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Jan. 26, 2010
Maryville, Mo. - The Northwest Missouri State University Board of Regents met in open session Friday, Jan. 22, in the J.W. Jones Student Union Ballroom.
The meeting began with recognition of Northwest head football coach Mel Tjeerdsma for recently being selected the MIAA Coach of the Year, Division II Coach of the Year by the American Football Coaches Association and the Liberty Mutual Coach of the Year . By winning the Liberty Mutual award, Tjeerdsma was awarded $50,000 to donate to the charity of his choice and a $20,000 grant to the Northwest alumni association for student scholarship and activities. Tjeerdsma also will be inducted into the Missouri Sports Hall of Fame later this month.
Regents also recognized Bob Lade, who recently was awarded a Lifetime Achievement Award from the Greater Kansas City Officials Association, and regent Doug Sutton who was recently recognized by the Maryville Chamber of Commerce for its Distinguished Service Award.
Regents also recognized the Northwest cheerleading team and coach Jason Sack for capturing its first national championship at Disney's Wide World of Sports. The team gave a flawless performance to beat second-place finisher Slippery Rock and eight-time defending champion West Georgia, which took third.
The awareness portion of the meeting consisted of a presentation by Dr. Roger Von Holzen, director for the Center for Instructional Technology in Education, and Assistant Director/Curriculum Specialist Darla Runyon. While emphasizing CITE's integral role in Northwest's effort to enhance student learning through technology, Von Holzen outlined the services it provides, including online courses, eTextbook integration and resources to assist with early development stages of new programs. Von Holzen noted that since the first online classes were offered in 1999, the number of students taking online classes has grown from 78 students to 40 percent of Northwest's enrollment.
Vice President for Student Affairs Jackie Elliott and Dr. Jeffrey Foot, director of International Affairs & ESL, also gave a presentation titled "Internationalization at Northwest." Foot called Northwest's international recruitment a "team effort" that is personal and focused. He also cited survey results that showed international students choose to attend Northwest because of its reputation, overall cost, the speedy response to admissions questions and the university's proximity to friends and relatives. Admissions records showed 119 of Northwest's 301 international students enrolled during the fall 2009 trimester are from India, and the most popular major for international students is applied computer science with 70 students enrolled. Among other state colleges, Northwest ranks 11th in international enrollment.
Regents unanimously approved a motion authorizing the board president, the board vice president or a senior staff member to attend the Association of Governing Boards 2010 National Conference on Trusteeship. The conference will be March 19-23 in Orlando, Fla.
Regents unanimously approved three curriculum proposals presented by Interim Provost Doug Dunham. The proposals included packaging six classes already offered by the Booth College of Business and Professional Studies into a certificate program that would lead to certification from the Department of Elementary and Secondary Education and includes a graduate certificate program for career and technical educators who hold a bachelor's degree.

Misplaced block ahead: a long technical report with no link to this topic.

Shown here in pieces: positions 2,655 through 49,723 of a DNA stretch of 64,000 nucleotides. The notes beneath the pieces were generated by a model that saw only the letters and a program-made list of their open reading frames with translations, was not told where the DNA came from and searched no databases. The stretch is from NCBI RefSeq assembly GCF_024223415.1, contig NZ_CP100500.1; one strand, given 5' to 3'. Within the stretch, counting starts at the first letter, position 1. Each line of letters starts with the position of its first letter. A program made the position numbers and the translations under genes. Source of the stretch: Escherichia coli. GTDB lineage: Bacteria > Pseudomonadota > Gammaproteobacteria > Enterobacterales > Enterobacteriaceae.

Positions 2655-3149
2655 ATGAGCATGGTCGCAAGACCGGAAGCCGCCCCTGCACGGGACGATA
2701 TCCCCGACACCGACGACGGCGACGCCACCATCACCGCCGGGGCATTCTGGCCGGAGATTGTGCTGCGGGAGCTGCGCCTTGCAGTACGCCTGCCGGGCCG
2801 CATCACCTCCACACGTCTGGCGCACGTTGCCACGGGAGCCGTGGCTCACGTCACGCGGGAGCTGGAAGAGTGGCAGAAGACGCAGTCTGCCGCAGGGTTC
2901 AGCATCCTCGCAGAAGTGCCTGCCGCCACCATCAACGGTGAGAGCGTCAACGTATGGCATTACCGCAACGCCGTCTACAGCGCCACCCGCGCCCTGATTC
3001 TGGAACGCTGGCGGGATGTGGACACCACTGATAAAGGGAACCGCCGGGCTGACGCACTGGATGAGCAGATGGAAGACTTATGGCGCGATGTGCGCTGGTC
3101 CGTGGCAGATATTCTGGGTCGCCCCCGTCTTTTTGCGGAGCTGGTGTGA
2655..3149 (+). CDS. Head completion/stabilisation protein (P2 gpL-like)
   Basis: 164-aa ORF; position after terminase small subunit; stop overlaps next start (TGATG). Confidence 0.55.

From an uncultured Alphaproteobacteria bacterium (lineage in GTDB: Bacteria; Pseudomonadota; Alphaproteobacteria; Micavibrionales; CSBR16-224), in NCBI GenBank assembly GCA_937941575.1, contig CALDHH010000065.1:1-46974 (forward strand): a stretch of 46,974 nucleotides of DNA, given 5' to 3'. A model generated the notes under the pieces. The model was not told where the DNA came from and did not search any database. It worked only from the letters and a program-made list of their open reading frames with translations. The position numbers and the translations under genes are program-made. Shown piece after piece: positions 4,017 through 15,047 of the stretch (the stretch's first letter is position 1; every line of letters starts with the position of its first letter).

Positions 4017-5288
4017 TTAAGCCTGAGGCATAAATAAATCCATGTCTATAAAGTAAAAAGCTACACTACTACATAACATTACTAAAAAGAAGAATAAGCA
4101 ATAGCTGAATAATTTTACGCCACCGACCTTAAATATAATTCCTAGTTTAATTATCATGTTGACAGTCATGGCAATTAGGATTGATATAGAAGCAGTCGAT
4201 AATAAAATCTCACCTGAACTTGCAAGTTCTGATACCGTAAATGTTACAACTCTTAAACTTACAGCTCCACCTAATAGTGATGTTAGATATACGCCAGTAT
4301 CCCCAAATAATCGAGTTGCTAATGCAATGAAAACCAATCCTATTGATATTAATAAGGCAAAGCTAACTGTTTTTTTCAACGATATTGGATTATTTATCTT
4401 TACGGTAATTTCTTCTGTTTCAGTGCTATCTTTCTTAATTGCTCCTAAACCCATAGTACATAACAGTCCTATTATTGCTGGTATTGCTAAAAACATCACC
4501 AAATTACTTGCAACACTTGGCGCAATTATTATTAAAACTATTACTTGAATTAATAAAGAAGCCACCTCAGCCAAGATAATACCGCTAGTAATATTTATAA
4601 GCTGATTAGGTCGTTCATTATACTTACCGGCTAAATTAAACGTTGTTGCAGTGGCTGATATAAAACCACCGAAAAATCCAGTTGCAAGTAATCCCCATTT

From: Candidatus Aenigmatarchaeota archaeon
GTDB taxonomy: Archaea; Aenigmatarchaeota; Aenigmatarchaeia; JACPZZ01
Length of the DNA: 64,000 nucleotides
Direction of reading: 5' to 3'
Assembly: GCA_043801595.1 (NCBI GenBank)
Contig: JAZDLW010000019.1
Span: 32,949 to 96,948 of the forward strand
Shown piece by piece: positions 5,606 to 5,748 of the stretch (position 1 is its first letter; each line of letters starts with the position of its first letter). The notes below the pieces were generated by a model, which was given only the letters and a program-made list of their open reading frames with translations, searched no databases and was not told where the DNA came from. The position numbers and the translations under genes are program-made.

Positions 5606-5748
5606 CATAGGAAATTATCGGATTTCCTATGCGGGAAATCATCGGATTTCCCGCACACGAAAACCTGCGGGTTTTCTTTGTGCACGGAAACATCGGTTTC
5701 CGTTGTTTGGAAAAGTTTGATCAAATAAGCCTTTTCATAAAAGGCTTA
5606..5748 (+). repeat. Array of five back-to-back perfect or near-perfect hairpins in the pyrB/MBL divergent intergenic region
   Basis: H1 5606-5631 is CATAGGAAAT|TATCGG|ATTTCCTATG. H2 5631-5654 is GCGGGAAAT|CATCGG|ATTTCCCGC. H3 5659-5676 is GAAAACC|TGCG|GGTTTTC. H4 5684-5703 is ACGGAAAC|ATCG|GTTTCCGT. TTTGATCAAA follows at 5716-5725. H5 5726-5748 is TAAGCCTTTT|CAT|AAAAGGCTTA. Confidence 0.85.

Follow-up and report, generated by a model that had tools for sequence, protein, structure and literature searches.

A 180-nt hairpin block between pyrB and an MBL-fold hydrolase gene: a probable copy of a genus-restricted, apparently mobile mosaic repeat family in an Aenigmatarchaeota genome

Dunham also proposed changing instructional methods for career education from two credit hours to three credit hours in order to expose educators to additional teaching strategies and how to deploy those strategies in their teaching. Dunham proposed deleting the quality emphasis from the university's MBA program because only four students have chosen the emphasis since fall 2004, and only two have graduated. He said the elimination will allow faculty to teach courses that are in much higher demand. Finally, under the College of Arts and Sciences, in the history, humanities philosophy and political science department, Dunham proposed changing the course title of HIST 33-513 Soviet Russia to modern Russia.
In other new business, Dr. Max Fridell, Faculty Senate president, and Mary Throener, vice president of human resources and organizational effectiveness, outlined the search process for the university's open provost position. Throener also presented background information on the development of the compensation structure methodology. The regents did not act on either item.
Regents also voted to form a committee to review the board's bylaws and issue a report at a future meeting.
Northwest President John Jasinski introduced Northwest's new Vice President of Marketing and University Relations Dr. Timothy McMahon. Jasinski also noted Northwest's new Vice President of Finance and Operations Stacy Carrick will begin work on Feb. 8.
Jasinski also recapped the university's opening meeting , during which he encouraged staff to look ahead on an ongoing basis. He said early morning budget meetings are continuing and Northwest representatives will be speaking to the general assembly about the positive things happening at Northwest. "Times are tight for everybody, but that doesn't preclude us from all the good things we're doing," Jasinski told the regents.
Jasinski noted enrollment for the spring trimester increased by 6 percent . He also recognized Director of Environmental Services Paul McGraw for the green initiatives the university has implemented.
The next Board of Regents meeting is scheduled for 1 p.m. Tuesday, March 16, in the Board Room of the Student Union.
Mark Hornickel, Media Relations Specialist
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Northwest Missouri State University
215 Administration Building | 800 University Drive | Maryville, MO 64468